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Google Fiber’s Advice for Cities Looking to Work With High-Speed Internet Providers

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Having a clear vision, "one-touch make-ready" policies for utility pole attachments and updated rules and regulations are among the tips that are critically important, according to Google Fiber’s expansion lead for the western U.S.

SEATTLE — Google Fiber is perhaps the most high-profile private-sector provider of high-speed broadband Internet, and when it moves into a new metropolitan area or signals interest in a particular locality or urbanized region for expansion, it attracts a lot of attention.

After launching its first high-speed fiber effort in Kansas City, Kansas, in 2011, Google Fiber is now working with 22 metropolitan areas in the United States to either build out an ultra-fast broadband network or plan a potential expansion.

Unfortunately, the folks at Google Fiber and in municipal governments cannot simply snap their fingers and make gigabit connectivity magically materialize.

“Deploying new fiber networks is really challenging work,” Brien Bell, Google Fiber’s expansion lead for the western United States, said on Monday afternoon during Digital Northwest regional summit for broadband leaders hosted by the National Telecommunications and Information Administration, NTIA’s BroadbandUSA program and the Next Century Cities coalition at the Bell Harbor International Conference Center on Seattle’s Elliott Bay waterfront.

Bell outlined four general themes that cities and other local jurisdictions should be thinking about when they’re getting ready to move forward on a plan to expand broadband access in their community, whether they’re looking to potentially work with Google Fiber or another provider.

  • First and foremost: “Have a clear broadband vision,” Bell said. For providers like Google Fiber, it’s important to see strong municipal leadership at city halls with officials who want to bring broadband connectivity to their community. With strong leadership comes an eager customer base, he said. And with Google Fiber, “we want to know that people in that community will use it.”
  • When a provider like Google Fiber starts working with a new municipality or other local government, it requires a lot of collaboration with different types of agencies. There are many “moving pieces,” Bell said, who noted that Google Fiber is looking for a cross-functional panel of stakeholders with a single point of contact—a contact, Bell noted, who is also empowered to make decisions.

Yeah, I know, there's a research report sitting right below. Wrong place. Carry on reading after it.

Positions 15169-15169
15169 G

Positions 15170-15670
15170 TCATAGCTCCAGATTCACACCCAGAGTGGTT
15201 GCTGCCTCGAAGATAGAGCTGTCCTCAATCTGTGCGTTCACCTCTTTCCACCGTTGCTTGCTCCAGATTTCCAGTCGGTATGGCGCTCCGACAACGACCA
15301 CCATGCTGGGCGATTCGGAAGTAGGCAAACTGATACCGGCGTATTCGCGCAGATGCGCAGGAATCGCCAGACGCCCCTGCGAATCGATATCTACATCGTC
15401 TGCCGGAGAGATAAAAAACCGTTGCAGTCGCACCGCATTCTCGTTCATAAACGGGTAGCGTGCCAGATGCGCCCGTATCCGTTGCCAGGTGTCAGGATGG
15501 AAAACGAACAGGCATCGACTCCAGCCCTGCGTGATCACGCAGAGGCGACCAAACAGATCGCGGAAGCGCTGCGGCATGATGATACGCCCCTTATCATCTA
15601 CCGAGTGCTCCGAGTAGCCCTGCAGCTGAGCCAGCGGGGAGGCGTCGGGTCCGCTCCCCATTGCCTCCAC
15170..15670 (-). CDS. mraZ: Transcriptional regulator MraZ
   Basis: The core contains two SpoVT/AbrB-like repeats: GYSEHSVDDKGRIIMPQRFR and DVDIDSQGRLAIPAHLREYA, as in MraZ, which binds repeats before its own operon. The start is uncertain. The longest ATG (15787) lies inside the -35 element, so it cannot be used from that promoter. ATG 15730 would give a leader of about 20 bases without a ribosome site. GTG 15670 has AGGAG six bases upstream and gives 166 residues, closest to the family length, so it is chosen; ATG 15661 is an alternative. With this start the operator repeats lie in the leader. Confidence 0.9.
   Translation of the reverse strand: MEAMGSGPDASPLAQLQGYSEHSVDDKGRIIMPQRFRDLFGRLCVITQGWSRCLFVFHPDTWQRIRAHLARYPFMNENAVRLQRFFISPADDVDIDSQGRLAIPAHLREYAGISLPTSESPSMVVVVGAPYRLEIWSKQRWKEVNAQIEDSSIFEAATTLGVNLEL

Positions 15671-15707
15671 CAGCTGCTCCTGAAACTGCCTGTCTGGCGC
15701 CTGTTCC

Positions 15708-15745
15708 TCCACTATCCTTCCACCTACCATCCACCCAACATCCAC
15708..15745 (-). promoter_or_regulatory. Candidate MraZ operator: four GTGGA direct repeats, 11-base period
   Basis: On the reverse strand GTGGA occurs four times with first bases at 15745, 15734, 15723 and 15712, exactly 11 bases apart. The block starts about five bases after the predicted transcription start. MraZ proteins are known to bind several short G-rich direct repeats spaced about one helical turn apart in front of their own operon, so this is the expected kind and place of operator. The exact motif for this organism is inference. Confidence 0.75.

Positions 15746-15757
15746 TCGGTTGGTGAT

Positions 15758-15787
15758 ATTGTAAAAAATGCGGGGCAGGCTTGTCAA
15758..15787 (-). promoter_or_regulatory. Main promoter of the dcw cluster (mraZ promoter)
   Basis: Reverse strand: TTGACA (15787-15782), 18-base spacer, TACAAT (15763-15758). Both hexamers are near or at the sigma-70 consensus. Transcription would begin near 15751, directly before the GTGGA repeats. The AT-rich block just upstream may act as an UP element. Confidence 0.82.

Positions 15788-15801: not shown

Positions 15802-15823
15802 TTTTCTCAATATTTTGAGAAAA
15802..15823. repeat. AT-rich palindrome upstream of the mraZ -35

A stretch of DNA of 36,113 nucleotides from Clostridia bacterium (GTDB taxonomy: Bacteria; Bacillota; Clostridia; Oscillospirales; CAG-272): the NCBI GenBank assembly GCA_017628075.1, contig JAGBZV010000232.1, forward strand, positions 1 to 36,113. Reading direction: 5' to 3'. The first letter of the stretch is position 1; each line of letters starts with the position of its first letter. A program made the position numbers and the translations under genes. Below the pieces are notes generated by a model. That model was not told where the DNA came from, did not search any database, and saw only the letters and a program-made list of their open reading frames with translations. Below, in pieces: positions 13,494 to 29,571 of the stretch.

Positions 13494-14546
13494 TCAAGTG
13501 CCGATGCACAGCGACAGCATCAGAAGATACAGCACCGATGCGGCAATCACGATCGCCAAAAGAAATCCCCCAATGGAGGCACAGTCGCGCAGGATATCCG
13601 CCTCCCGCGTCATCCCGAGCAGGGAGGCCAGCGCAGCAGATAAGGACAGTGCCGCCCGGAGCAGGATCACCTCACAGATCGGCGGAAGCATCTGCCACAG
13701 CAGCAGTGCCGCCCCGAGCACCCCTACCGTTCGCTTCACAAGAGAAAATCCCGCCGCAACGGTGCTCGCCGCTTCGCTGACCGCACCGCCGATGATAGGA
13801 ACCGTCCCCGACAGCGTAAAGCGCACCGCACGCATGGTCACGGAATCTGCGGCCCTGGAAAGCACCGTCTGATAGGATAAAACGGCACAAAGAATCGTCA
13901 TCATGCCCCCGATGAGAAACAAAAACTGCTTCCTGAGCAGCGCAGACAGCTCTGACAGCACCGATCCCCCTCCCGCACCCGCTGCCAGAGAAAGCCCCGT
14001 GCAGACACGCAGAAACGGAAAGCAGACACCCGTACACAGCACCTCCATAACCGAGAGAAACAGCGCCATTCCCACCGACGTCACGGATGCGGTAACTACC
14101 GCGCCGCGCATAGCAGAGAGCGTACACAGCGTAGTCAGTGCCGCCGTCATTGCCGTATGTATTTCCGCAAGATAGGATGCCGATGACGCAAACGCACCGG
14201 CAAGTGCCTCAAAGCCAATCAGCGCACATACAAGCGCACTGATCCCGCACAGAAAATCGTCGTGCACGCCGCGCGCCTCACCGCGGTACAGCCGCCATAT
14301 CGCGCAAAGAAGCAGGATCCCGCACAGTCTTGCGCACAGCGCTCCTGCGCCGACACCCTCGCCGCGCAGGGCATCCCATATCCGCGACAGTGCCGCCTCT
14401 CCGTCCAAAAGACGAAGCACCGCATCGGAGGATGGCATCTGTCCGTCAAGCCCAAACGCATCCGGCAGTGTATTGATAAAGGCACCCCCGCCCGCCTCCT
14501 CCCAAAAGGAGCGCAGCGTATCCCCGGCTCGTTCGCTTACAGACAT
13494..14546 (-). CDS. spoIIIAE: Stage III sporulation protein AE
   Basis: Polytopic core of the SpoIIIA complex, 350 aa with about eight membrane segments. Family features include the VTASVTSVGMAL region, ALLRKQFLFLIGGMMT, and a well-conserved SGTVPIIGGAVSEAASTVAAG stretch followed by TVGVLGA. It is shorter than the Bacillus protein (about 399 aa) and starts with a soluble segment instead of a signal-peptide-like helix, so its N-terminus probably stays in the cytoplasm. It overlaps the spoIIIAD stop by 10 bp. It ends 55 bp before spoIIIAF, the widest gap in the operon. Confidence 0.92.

• Municipalities and other local governments need to support ways to streamline construction, especially when it comes to regulations governing pole attachments—where service providers share space on utility poles to connect their digital infrastructure, including fiber. “We support one-touch make-ready policies,” Bell said, referring to the rules that, as a Next Century Cities backgrounder describes them, allow “a single crew to move all attachments on a pole on a single visit, rather than sending in a unique crew to move each attachment sequentially.”  
  • Bell also said that municipalities and local governments interested in working with Google Fiber or another service provider that’s building out a new broadband network should make sure that their policy frameworks, rules and regulations are up-to-date, including franchise laws and permitting.

Bell also discussed a new expansion approach Google Fiber is moving on in Huntsville, Alabama, which could serve as a model for other cities. In Huntsville, the municipal utility is building a smart grid network and is looking at leasing the unused fiber from the city-owned network for service providers, like Google Fiber.

While Google Fiber and Huntsville have moved forward on an agreement, other Internet service providers could also utilize that network and compete with Google Fiber.

“We’re excited to make that vision a reality,” Bell said.

Huntsville isn’t the only city looking at that partnership model and for good reason: “It can bring more internet to more people more quickly,” Bell said.

Editor's Note: Route Fifty will have additional coverage from the Digital Northwest conference later this week.

Michael Grass is Executive Editor of Government Executive’s Route Fifty.

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